December 15, 2014
It was not the delightful tale of how Nicotiana Tabacum came to our shores in the pocket of a friar aboard a galleon that grabbed my attention but the stunning inventory of intricately rendered wrappers (read vestments) that fill this edifying volume. It may look like one, but VESTMENTS OF THE GOLDEN LEAF by Atty. Saul Hofileña,Jr, is not just a decorative book to adorn your coffee table.
The cigarette wrappers are classified according to provenance a device that allows one to trace the growth and expansion of the tobacco industry after it was demonopolized by the Spanish colonial government in 1881. With the Cagayan Valley as the main source of the golden leaves, Binondo as the center of manufacturing and trading, the industry engulfed Manila, then Bulacan, Pampanga, Bicol, and the Vizayas.
Local artists remain unknown but through the author’s magnifying glass, printers and lithographers have surfaced– Carmelo and Bauermann (one connected with Obras Públicas, the other with the government press), Oppel y Cia., Salvador Chofre, Mendezona, Chicote, Cacho Hermanos, Guillermo Partier– mostly foreigners established on Escolta, Carriedo, and Azcarraga.
Atty. Hofileña included famous cases notably of Paul Meerkamp van Embden whose tobacco business became collateral damage during a World War. Rizal’s friend, Ariston Bautista of Germinal, sued Chan Chuico for copying his “La Intimidad” label. Alhambra Fábrica de Tabacos, Cigarillos y Picadura took Enrique Caruana of La Yebana to court over the use of the word “chorritos”.
Most of the traders were Chinese, but Filipino workers attempted to carve a niche. Katubusan (redemption), an early cooperative, was open to membership for only two pesos. Artist Jorge Pineda of Carmelo and Bauermann drew the Katubusan image, a young Filipina crowned with sampaguitas. It appeared on the “El Renacimiento” cover in 1910.
December 22, 2014
In vestments of the golden leaf, authored by lawyer and historian Saul Hofileña Jr, there is relevant data about manufacturers, factory locations, porters, exporters, dealers, and procedures for registering trademarks recorded in Libros de Acuerdos. Scholars interested in tracing our economic history should go directly to this impressive book.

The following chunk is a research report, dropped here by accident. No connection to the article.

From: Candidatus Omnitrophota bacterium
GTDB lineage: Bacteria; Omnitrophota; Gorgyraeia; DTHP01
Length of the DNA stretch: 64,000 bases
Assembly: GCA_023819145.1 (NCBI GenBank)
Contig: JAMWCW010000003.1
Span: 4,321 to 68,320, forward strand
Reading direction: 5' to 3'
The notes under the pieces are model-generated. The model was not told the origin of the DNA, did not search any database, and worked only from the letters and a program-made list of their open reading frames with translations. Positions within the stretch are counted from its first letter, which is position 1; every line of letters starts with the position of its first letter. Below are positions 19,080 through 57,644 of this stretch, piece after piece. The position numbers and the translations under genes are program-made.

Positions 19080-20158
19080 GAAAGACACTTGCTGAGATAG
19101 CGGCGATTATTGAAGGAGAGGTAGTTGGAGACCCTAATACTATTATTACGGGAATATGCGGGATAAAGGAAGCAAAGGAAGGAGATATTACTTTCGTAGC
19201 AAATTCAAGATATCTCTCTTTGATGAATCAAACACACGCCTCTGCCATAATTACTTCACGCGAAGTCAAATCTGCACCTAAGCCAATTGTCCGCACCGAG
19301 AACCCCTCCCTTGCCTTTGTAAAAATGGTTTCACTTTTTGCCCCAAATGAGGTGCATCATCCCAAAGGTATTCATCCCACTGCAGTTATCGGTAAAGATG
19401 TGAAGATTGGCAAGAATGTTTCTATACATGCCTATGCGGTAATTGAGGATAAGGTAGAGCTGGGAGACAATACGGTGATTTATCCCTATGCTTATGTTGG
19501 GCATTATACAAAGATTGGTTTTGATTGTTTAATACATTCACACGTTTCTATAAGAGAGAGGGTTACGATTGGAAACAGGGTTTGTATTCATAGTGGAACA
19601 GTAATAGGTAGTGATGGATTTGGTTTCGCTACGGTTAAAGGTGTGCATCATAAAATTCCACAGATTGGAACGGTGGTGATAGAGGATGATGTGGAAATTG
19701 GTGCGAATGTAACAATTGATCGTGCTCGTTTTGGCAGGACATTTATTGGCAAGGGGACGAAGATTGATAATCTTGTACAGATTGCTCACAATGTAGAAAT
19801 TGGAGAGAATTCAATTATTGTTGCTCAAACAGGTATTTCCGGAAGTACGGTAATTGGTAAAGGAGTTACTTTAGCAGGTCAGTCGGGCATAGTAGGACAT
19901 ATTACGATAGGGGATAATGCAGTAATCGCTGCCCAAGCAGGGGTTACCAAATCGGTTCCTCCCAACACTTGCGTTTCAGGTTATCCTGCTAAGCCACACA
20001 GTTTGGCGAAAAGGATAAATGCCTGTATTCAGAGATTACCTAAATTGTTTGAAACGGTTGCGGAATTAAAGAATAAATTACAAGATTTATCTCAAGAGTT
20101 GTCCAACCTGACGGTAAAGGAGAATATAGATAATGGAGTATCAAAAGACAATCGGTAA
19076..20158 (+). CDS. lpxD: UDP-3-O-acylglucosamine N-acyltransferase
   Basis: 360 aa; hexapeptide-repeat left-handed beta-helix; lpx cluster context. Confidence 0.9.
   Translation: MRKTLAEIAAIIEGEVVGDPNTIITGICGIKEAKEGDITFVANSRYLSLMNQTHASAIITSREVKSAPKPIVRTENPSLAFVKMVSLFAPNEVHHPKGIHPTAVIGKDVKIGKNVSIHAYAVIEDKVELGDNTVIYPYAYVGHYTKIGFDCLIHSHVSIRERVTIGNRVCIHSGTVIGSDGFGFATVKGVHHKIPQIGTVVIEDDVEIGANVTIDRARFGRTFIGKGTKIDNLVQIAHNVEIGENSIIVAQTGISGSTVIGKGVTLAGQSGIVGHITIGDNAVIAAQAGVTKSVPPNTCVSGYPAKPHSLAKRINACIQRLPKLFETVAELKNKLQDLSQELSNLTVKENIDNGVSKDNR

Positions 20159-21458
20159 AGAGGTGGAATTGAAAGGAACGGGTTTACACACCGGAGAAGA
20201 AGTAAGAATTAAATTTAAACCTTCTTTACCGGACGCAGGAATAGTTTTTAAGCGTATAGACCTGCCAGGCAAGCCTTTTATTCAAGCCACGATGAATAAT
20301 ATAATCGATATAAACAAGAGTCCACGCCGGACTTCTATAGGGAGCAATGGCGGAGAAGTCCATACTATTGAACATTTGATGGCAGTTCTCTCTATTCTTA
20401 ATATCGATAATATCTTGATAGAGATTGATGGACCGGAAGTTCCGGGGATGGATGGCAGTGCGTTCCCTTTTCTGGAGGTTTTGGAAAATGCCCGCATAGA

Interestingly, the tobacco monopoly created a demand for female labor—dobladoras, cortadoras, torcedoras, encajanadoras, kahistas. A full-page photo of the latter, seated on a rough wooden chair is but a glimpse of labor conditions then. However, they were treated to music while working, unlike their Cuban counterparts who preferred stories read aloud to them.
By far the most intriguing wrapper is “La Cubana” (Pedro Roxas, Calle Carvajal, Binondo) which boldly depicts a submarine exploding a ship, obviously the USS Maine , blown up at the Havana harbor to provoke the Spanish-American War. The USA blamed Spain but through his label, Roxas mutely revealed the facts.
The signature label “La Insular” carried a quality assurance in English, French, and Spanish; a veritable masterpiece, it rivals those delicate renditions of ancestral homes now covetred by collectors. A pity it no longer exists like the Fabrica de Tabacos Meisic which in 1875 employed 6,000 workers. Hofileña included plans of that fort-like structure which later became military barracks.
A thorough study of Hofileña’s “vestments” reveals how manufacturers lured different sectors in a relentless quest for market dominance. They used Rizal, local myths, Junoesque women in flowing robes against distant landscapes, classy Filipinas in native finery framed in Art nouveau designs reminiscent of ilustrado homes. Men were shown in military regalia or as dandies, muscled laborers, and farmers.
Dozens of wrappers showed cherubic babes, little boys and girls seated on crates of tobacco or at their mothers’ feet enjoying their first smoke. Shocking, to say the least. (email@example.com)